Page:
Pendant, Tibetan Buddhist protection amulet, tantric.
Kartika, daids chopper.
DZI Inspiration, Tibetan Sacred Agate
Turquoise "sleeping beauty" from Arizona
Agate called "nan hong" (southern red) of Yunnan. This agate owes its beautiful red color to the presence of inclusion cinabre.
Dimensions: about 10cm by 6cm
Inspiration DZI, Tibetan sacred agate has 4 eyes.
helps overcome negative forces, remove obstacles, increase merits and longevity, subdue demons. It is the symbol of the 4 major Boddhisatva of Buddhism: Maitreya, Avalokitesvara, Manjushri and Mahasthamaprapta. These enlightened beings protect the faithful and elevate souls
The Dzi is rotating as shown in the video thanks to a high precision ball system developed in Germany
As a gemologist who graduated from the National Institute of Gemmology in Paris, all our stones are expert and certified.
A kartika or kartrika is a small ritual peeling knife in the shape of a crescent used in them. tantric ceremonies of Vajrayana Buddhism. It is said that the kartari is "one of the attributes par excellence of wrathful tantric deities". It is commonly referred to as the "dakinis knife." Its shape is similar to that of Inuitsulu or woman's knife, which is used for many things, including skin cleansing.
While the kartari is normally held in the right hand of a dakini in the iconography and spiritual practice of vajrayana, it can sometimes be seen held by esoteric male deities, such as some forms of Yamantaka. It is also frequently found in the iconography of the Tibetan Buddhist spiritual practice of Ched.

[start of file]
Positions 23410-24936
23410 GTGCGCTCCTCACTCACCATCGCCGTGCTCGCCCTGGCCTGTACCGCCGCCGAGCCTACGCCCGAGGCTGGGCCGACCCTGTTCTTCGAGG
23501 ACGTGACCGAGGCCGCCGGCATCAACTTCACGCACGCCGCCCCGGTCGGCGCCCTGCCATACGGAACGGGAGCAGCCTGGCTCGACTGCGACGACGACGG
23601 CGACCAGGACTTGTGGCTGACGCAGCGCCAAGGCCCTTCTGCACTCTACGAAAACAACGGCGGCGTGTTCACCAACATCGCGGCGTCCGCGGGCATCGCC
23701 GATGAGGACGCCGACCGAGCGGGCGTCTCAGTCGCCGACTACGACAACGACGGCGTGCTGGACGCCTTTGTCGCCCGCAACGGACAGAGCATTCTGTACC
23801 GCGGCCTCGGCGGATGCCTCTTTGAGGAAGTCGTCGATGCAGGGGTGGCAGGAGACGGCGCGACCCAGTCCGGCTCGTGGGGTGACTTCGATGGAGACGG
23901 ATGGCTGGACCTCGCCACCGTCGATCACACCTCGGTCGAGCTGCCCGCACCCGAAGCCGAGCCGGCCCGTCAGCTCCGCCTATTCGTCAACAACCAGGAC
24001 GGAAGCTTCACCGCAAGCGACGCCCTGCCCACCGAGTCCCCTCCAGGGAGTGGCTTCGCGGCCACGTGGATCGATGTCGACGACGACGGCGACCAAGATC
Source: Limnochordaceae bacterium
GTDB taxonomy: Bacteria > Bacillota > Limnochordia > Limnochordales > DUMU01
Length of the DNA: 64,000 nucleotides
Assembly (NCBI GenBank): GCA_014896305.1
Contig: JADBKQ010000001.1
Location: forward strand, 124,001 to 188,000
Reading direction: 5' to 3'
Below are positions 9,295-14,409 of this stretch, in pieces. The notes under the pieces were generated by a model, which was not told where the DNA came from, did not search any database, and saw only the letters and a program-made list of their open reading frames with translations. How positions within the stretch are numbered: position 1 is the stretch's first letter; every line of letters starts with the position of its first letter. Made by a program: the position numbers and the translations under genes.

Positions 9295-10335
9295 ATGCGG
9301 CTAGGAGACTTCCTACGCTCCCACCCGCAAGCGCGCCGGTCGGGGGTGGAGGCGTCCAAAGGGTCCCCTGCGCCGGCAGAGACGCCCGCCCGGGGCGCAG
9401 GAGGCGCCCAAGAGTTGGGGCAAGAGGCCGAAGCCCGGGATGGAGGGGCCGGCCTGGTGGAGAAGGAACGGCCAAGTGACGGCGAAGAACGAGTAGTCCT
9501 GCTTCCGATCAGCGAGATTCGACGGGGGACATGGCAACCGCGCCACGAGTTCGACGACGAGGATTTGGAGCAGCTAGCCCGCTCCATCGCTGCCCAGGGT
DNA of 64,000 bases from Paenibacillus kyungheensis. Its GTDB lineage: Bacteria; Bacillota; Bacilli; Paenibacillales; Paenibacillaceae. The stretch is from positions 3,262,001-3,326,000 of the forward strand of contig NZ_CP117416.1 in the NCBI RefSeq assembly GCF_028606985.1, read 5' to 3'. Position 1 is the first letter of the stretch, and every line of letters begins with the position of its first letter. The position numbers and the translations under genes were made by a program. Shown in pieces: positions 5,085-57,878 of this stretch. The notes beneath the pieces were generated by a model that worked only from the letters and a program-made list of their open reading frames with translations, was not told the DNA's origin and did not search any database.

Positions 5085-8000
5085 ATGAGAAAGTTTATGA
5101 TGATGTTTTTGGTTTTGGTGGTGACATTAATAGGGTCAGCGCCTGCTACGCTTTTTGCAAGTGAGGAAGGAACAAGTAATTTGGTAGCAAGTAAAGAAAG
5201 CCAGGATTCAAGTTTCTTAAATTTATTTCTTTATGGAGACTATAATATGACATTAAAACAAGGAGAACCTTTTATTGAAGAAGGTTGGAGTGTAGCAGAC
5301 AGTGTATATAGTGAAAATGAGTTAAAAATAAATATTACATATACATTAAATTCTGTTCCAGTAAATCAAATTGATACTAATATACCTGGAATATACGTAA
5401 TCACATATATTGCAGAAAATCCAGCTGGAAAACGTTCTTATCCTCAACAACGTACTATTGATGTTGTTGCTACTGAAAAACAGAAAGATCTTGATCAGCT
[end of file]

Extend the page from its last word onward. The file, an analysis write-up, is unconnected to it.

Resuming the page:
In the same way that the bell and vajra are usually ritual elements paired in the spiritual practice and iconography of vajrayana (one is held in the right hand and the other simultaneously held in the left), the kartika usually appears as a pair with the kapala or "skull-Cup".
The shape of the kartika, or trigug, with its crescent shape and hook at the end, is derived from the form of a traditional form of the Indian butcher's knife.
Vajrayogini's representations generally contain kartika as one of his attributes. In the iconography of the enlightened dakinis and tantric female yidams, it is common to find the hooked kartika knife in his right hand and the cut of the skull in his left, representing "the inseparable union of wisdom and skillful means".
Mahakala is practiced and revered in all the "tantric" schools of Tibetan Buddhism. However, it is portrayed in different ways, each with distinct qualities and aspects. It is also considered to be the emanation of different beings, namely Avalokite-vara (tibetan Chenrezig) or Cakrasamvara (Tibetan Korlo Demchog, or 'khor-lo bde-mchog according to the Wylie system) in the Kagy-apa and Shangpa traditions. There are several kinds of forms of Mahakala which as a protector is emanated from the essence of the tantra for which he is responsible. Thus, there are special protectors in the tantras fathers, mothers and non-duels of the Mahamudra, other types and forms of protectors exist in schools that claim to be Dzogchen....
The rest of Mahakala's story on our blog via this link
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